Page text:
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Astor Piazzolla (1921-1992)  tango composer  and bandoneòn player. His music is with no doubt one of the greatest artistic expressions Argentina has ever given to the world. He is also one of the most educated composers by international music chambers and symphonic orchestras. It is possible that he has taken Tango to its limits so far aesthetically speaking, enriching and revolutionazing its conceps. Incorporating jazz and classic music to tango, Piazzolla reaches a magnificent and yet original outcome.

Piazzolla spent most of his childhood with his family in New York City, where he was exposed to both jazz and the music of J. S. Bach at an early age. At the age of 13, he met Carlos Gardel, great figure of tango, who invited the young prodigy to join him on his current tour. Much to his dismay, Piazzolla’s father deemed that he was not old enough to go along. While he did play a young paper boy in Gardel’s movie El día que me quieras [1], this early disappointment of being kept from the tour proved to be a blessing in disguise, as it was on this tour that Gardel and his entire band perished in a plane crash. In 1953 Piazzolla entered his Buenos Aires Symphony in a composition contest, and won a grant from the French government to study in Paris with the legendary French composition teacher Nadia Boulanger.

“When I met her, I showed her my kilos of symphonies and sonatas. She started to read them and suddenly came out with a horrible sentence: “It’s very well written.” And stopped, with a big period, round like a soccer ball. After she said: “Here you are like Stravinsky, like Bartók, like Ravel, but you know what happens? I can’t find Piazzolla in this.” And she began to investigate my private life: what I did, what I did and did not play, if I was single, married, she was like an FBI agent! And I was very ashamed to tell her that I was a tango musician. Finally I said, “I play in a night club she answered, “Night club,, but that is a cabaret, isn’t it?” “Yes,” I ….” It wasn’t easy to lie to her. She kept asking: “You say that you are not pianist. What instrument do you play, then?” And I didn’t want to tell her that I was a bandoneon player, because I thought, “Then she will throw me from the fourth floor.” Finally, I confessed and she asked me to play some bars of a tango of my own. She suddenly opened her eyes, took my hand and told me: “You idiot, that’s Piazzolla!” And I took all the music I composed, ten years of my life, and sent it to hell in two seconds.

—Ástor Piazzolla, A Memoir

Horacio Ferrer, Uruguayan and Eladia Blázques, Argentinean, poets, among others like Neruda who collaborate with Piazzola combining words with notes; they convert beautiful poems in rich metaphors, new aesthetics of new verses which seem never to have been written before. Social content which makes citizen life deeper, as well as human being´s life and the world, passion and sensuality give life to an artistic composition of the highest quality.

 

Edited

Astor Piazzolla (1921-1992). Tango Composer and Bandoneòn Player.

Piazzolla’s music is undoubtedly one of the greatest artistic legacies Argentina has ever given to the world. He was also one of the most experienced and cultured Argentine composers, having spent time in numerous international music chambers and symphonic orchestras. Aesthetically speaking, it is quite possible that Piazzolla has taken Tango to its limits, enriching and revolutionizing its concepts. Incorporating jazz and classic music into tango, Piazzolla reaches a unique and magnificent balance.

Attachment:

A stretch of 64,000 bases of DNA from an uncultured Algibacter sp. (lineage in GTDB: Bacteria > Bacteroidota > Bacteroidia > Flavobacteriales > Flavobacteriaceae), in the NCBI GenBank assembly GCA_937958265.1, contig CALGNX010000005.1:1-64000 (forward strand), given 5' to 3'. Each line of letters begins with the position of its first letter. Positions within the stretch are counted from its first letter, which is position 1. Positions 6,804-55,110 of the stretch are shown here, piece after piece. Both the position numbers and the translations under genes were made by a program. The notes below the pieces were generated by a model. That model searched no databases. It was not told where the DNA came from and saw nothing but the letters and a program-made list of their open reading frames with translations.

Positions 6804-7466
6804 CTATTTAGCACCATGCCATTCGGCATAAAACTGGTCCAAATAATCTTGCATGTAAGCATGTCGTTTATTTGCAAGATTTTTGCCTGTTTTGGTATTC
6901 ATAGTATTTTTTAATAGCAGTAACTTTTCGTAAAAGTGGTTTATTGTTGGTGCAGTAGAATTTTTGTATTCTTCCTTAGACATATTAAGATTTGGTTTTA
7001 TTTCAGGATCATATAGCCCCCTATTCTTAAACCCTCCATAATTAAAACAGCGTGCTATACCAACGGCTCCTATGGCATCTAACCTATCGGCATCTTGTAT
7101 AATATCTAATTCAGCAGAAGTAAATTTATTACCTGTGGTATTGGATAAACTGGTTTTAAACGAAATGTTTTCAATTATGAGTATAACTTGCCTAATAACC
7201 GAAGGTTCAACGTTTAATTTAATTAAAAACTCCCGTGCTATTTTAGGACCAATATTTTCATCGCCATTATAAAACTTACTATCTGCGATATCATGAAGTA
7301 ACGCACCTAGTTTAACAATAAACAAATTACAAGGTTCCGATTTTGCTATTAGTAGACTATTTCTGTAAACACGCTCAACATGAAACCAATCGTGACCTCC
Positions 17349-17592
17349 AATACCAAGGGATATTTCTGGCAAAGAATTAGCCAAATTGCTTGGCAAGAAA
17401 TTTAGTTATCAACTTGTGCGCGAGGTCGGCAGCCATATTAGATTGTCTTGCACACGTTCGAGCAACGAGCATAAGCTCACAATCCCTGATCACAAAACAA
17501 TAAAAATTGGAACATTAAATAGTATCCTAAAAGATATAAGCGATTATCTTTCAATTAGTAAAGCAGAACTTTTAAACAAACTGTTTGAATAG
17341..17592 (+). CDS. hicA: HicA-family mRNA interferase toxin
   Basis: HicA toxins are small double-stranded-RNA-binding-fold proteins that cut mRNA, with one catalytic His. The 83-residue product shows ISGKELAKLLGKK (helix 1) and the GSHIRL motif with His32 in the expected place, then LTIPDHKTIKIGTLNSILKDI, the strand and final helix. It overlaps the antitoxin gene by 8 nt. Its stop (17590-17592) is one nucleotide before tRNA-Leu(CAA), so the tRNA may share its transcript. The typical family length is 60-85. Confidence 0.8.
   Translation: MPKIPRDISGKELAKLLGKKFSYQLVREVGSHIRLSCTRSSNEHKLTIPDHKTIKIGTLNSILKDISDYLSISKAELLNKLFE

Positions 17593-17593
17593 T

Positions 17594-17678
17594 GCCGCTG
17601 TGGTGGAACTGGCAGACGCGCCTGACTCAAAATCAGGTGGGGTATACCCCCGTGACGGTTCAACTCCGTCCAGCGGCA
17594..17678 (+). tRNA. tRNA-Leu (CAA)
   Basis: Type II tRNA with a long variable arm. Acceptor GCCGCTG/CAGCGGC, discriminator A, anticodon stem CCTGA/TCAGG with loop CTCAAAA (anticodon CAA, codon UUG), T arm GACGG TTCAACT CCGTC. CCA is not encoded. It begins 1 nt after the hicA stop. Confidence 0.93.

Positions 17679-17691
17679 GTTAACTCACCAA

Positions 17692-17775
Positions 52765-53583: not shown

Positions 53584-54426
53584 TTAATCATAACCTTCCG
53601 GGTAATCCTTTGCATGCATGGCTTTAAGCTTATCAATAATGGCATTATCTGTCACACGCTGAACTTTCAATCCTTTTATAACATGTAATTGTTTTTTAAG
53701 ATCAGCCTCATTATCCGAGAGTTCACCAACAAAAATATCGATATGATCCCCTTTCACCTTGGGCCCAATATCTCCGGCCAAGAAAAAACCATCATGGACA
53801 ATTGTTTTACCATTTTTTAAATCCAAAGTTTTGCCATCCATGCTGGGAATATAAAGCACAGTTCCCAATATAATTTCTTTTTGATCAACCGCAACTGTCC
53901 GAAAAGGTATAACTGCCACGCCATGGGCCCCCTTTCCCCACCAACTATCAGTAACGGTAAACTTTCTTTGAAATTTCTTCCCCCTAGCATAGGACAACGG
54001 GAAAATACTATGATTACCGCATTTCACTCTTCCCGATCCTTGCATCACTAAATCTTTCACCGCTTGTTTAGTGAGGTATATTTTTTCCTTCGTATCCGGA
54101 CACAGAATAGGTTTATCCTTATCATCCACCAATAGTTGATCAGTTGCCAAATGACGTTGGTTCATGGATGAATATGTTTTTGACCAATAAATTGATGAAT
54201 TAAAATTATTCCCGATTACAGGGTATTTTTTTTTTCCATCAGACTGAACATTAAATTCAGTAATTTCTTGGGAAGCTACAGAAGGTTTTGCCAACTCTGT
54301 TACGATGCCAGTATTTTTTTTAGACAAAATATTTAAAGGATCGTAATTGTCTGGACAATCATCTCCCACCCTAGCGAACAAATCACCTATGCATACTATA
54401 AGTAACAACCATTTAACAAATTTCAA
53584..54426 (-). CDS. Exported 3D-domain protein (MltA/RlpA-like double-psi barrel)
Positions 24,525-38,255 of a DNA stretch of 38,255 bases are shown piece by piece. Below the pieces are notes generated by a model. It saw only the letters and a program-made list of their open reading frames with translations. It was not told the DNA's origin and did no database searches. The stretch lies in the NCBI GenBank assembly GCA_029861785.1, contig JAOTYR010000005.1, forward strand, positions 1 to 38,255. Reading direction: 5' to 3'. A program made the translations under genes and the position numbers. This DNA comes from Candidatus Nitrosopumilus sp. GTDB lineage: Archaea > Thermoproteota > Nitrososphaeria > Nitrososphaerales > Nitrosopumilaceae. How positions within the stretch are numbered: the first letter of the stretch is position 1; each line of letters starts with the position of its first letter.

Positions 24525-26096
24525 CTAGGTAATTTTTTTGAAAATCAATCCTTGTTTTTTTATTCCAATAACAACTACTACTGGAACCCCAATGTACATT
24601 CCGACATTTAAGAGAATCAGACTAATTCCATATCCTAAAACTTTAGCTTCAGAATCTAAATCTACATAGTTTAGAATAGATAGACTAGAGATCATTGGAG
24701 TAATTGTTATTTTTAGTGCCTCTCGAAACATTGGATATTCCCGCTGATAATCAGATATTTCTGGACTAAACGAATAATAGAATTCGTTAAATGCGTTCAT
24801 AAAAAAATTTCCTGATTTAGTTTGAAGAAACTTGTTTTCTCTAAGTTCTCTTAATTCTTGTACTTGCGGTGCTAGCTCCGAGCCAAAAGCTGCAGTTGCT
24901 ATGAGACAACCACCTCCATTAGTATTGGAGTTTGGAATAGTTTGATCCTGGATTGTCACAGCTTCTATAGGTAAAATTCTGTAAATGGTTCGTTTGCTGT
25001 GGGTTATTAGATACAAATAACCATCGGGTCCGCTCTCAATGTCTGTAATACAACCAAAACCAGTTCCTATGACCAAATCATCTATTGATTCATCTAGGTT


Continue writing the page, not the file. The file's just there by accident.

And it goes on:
Piazzolla spent his childhood in New York City, where he was exposed to artists and genres as dissimilar as jazz and J. S. Bach. At thirteen, he met Carlos Gardel, a luminary of tango, who invited the young prodigy to play with him on tour. Much to the young man’s dismay, Piazzolla’s father deemed him too young to accompany Gardel. This early disappointment, however, proved to be a blessing in disguise, as it was on this tour that Gardel and his entire band were killed in a plane crash. In 1953 Piazzolla entered a composition contest for the Buenos Aires Symphony and won a grant from the French government to study in Paris with the legendary French composer and teacher Nadia Boulanger.

In his memoir, Piazzolla writes about his first encounter with Boulanger: “When I met her, I showed her my kilos of symphonies and sonatas. On reading them she suddenly offered a crushing statement: ‘It is very well written,’ she said, and stopped—with a big period—round, like a soccer ball. Then continued, ‘Here you are like Stravinsky, here like Bartók, and here like Ravel, but you know what has happened? I can’t find Piazzolla anywhere.’ And then she began to investigate my private life: what I did, what I played and did not play, if I was single, married; and I was ashamed to tell her that I was a tango musician. Finally I said, ‘I play in a night club.’ She answered, ‘But that is cabaret, isn’t it?’ ‘Yes..’ It wasn’t easy to lie to her. She kept asking, ‘What instrument do you play then?’ I didn’t want to tell her I was a bandoneón player because I thought, she will throw me from the fourth floor. Finally, I confessed and she asked me to play some bars from a tango of my own. She took my hand and told me, “You idiot, that’s Piazzolla!” And I took all the music I composed—ten years of my life—and sent it to hell in two seconds.”

Piazolla’s work also inspired new communions, principally with Uruguayan Horacio Ferrer and Argentine Eladia Blázques—poets who, like Neruda before them, collaborate with Piazzola.  Combining words with notes they infuse beautiful poems with rich metaphors, new aesthetics of new verses never written before; with social content that make one’s life deeper, with grace, beauty, passion and sensuality, bringing to life an artistic composition of the highest quality.